Of course they are going to choose basketweaving if it will fulfill a requirement. I remember my college writing course, I believe it was ENG 384 with Dr. Bruce Leland. He was an outstanding teacher and we all liked going to his class. I even helped him present to the IATE convention back in 1995. His class required three of these little flimsy paperback books, about $12 each, that included supplemental reading for discussion. We never talked about them and we were never tested over them. Nobody read them—I remember one girl did and she was furious that they were not used in any way for the course. Now, I am sure those were decent and thought-provoking reads. I am sure they enhanced the subject material. But come on, who the heck is going to do more than they have to do? And we were third-year college students trying to get ahead. A high school student will figure out the easiest possible way. We do it all the time. I read the Cliffs Notes for many books.

I honestly believe some students have figured out that they don’t have to strain themselves to get by. I had some English IV kids that could easily have taken the College Prep class of English IV but didn’t want to do the extra work. I know some math students are taking Pre-Algebra in their senior year because they have messed around enough to fulfill the simple requirements. And if they look bad in math, they don’t have to do as much.

Now this whole thing did come back to haunt me once. I remember Mr. Hickey’s Algebra I and II classes. We had 30-question problem sets every night for homework. Catch—he would only grade 4 randomly chosen problems. We would write down what we had on our paper for those 4 and turn them in. I learned that I didn’t even have to do the homework—just writ down all the problems (because we couldn’t use our books) and do them in class really quickly. I aced. Problem was that he knew it but couldn’t figure out a way around me. Then comes College Algebra and I am barely getting Cs. I just couldn’t hack it anymore. He said to me once, “This is because you never did all your homework in Algebra I and II so you don’t have a firm foundation.” I was getting straight As in Algebra I and II but somehow I wasn’t doing enough. You couldn’t have explained it to me at that age though. I only understand it now, many years later.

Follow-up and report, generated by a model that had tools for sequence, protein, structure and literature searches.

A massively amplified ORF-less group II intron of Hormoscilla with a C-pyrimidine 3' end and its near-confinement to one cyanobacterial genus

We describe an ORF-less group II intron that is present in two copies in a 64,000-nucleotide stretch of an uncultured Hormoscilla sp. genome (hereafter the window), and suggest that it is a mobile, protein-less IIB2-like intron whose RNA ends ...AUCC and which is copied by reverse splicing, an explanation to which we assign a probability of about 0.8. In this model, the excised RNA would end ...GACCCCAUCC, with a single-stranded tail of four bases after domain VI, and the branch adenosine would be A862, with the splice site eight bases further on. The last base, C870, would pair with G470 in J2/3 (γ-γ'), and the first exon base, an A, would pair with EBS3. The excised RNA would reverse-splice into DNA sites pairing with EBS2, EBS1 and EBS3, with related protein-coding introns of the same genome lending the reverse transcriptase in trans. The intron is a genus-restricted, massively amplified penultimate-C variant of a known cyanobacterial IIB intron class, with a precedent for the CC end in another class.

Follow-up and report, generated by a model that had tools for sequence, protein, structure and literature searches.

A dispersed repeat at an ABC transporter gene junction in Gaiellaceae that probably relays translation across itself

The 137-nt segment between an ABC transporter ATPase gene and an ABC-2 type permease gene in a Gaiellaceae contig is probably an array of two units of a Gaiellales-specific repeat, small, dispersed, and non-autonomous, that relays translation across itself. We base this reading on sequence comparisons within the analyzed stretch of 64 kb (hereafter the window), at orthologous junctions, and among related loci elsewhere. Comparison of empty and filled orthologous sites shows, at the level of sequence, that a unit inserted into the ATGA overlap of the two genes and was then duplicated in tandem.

The other problem I see with some of this data is that they recommend taking math classes and science classes that most students do not take until their senior year. Yes, they are planning on taking them, but that doesn’t really help when they take the ACT at the end of their junior year, now does it?

Also, I would really like to point out that some students never take these tests seriously. Maybe not the ACT, but any of the other reporting data tests. Eighth graders know that the test doesn’t affect them in any way that they can see, so they go through it fast or not as completely as they probably could. I remember, I think my sophomore year, Matt Adrian connecting the dots on his standardized test just so that he could finish early and read his latest Stephen King novel. Nobody ever said he was stupid in school. He just knew that the test did not affect him. How do we express to kids that their score is going to be lumped into some vast set of data to be interpreted by bureaucrats and people that they have never even heard of, let alone what the heck a “bureaucrat” is.

So what exactly do I do? I mean, exactly. No, they don’t have to give me daily step-by-step lesson plans. I do want them, however, to express specific items in assignments that I can concentrate on.

My answer to most of this is to tell people to stop telling me what we are doing wrong. Start telling me what to do right. When you say to increase rigor: HOW? When you say to get students ready for college: HOW?

My biggest thing: Why the heck does each district have to reinvent the wheel here? In fifty states, in countless districts and classrooms, we have not figured out precisely what to do? There has to be some perfect model for rigor and college readiness—present it to us. I would be happy to work with it. But I simply cannot create it on my own.

Or, if I do, I guess I would be rich. Because I would sell it and you would all pay me.